The visit is generating enthusiasm in the Bishops’ Conference of England and Wales, which has announced that “wherever her relics have gone, millions of people have prayed beside them and experienced many graces of healing, conversion and vocation”.

When in 2001 the relics were taken to Ireland they were venerated by more than a million people, a higher turnout than that for the visit of Pope John Paul II in 1979. Cars would even stop out of respect when the so-called “Thérèsemobile” passed by.

The English and Welsh bishops are preparing for the visit with a nationwide programme of catechesis on the life and spirituality of the saint, focusing on prayer, the call to holiness, family life, vocation and evangelisation. They no doubt see the visit of the relics as an opportunity to inspire holiness in a society growing increasingly godless, a trend condemned last week by Pope Benedict XVI as “not only an external threat to believers” but one which has “shown itself within the bosom of the Church”.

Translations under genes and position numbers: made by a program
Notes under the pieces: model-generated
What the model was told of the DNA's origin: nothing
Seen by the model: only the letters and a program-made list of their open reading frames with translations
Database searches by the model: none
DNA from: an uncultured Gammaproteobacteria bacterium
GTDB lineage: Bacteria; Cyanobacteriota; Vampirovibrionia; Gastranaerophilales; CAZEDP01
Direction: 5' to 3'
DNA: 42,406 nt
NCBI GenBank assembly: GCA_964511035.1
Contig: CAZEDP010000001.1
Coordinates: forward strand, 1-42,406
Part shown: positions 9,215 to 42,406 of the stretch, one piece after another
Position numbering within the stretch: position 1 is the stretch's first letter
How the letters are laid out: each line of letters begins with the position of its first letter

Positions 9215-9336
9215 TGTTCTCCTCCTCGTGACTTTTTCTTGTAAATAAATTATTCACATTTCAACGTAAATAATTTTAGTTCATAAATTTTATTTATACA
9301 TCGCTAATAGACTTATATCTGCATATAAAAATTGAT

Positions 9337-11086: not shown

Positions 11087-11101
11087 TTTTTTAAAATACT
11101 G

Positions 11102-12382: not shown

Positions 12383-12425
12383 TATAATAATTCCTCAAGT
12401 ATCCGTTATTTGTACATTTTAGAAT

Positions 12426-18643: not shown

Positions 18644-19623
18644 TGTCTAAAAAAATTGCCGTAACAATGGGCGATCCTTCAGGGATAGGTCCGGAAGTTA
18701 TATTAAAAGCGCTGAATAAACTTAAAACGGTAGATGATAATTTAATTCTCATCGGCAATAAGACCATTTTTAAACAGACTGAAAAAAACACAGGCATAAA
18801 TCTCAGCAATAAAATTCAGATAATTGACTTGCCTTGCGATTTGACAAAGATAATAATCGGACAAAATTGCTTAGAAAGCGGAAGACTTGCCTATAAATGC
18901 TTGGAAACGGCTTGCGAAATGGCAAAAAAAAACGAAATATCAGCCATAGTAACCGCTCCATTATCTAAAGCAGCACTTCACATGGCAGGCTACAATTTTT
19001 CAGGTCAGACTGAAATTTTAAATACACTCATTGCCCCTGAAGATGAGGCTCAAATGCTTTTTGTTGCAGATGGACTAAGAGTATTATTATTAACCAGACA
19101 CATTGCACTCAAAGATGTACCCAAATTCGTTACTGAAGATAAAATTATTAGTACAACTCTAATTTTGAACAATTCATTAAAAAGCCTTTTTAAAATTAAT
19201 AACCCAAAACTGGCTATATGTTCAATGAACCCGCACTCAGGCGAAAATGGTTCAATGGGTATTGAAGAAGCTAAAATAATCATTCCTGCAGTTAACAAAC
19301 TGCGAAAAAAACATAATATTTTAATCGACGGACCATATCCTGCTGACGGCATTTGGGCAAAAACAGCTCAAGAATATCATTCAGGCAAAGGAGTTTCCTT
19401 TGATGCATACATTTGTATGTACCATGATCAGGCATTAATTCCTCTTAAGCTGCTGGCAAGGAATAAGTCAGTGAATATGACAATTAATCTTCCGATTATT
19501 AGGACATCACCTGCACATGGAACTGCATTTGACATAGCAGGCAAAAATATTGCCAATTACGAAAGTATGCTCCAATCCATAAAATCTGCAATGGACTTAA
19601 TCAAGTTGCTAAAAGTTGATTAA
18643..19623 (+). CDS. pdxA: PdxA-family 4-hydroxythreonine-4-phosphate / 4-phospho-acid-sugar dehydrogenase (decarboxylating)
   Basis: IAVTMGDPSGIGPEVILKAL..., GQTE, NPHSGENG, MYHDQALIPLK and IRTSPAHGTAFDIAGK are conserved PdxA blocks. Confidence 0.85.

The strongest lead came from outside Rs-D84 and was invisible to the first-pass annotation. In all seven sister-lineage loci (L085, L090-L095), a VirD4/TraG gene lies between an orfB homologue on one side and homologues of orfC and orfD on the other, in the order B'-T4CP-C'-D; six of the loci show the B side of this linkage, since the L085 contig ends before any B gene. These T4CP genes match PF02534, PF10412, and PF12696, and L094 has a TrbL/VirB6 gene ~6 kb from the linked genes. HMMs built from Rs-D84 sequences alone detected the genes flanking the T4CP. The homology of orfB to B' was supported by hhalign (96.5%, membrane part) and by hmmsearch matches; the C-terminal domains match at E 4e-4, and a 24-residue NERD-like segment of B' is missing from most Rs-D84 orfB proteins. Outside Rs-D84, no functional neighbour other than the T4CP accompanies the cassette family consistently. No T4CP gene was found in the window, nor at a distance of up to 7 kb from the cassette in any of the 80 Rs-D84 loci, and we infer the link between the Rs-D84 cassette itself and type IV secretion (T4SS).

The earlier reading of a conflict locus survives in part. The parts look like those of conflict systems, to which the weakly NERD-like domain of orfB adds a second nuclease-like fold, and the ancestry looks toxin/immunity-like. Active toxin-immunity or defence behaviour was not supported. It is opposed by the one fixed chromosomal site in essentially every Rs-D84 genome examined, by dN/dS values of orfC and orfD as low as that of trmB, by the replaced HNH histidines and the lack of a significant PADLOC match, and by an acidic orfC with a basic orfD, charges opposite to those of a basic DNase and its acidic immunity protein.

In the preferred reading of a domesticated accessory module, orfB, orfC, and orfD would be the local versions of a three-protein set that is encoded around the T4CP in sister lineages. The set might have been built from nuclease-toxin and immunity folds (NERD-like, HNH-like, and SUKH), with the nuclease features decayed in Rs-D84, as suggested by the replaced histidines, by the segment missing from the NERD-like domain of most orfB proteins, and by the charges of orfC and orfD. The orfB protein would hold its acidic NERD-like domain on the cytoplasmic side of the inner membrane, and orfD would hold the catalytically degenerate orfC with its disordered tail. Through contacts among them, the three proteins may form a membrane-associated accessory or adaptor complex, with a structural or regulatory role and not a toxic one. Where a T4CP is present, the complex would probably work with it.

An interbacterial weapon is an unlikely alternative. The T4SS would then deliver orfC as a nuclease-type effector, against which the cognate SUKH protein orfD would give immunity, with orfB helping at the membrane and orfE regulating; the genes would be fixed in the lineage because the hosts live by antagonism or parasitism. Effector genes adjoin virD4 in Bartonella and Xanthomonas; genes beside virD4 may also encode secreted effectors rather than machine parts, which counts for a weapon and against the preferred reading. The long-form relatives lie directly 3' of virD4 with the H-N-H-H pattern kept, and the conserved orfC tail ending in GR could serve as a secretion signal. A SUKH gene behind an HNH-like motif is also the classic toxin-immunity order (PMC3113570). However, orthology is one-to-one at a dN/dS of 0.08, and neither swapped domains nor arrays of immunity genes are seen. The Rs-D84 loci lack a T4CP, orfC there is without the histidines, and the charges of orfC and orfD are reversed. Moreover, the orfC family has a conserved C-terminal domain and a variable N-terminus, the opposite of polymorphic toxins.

In Britain, the development of “a mentality in which God is effectively absent” has recently taken the form of a social movement which is fighting ferociously to relegate the observance of religion to the realms of the strictly private – a bit like viewing pornography, perhaps.

Secularists are now arguing more stridently than ever that the Church should have no public voice or, indeed, any role funded by the taxpayer. They are enraged by the acknowledgement of the divine in anything from state-funded schools to military chaplains, and their influence on government and media is immense.

Religious charities, they say, may only be tolerated inasmuch as they conform to prevailing secular mores, hence the refusal to exempt Catholic adoption agencies from laws compelling them to place children in the care of same-sex couples.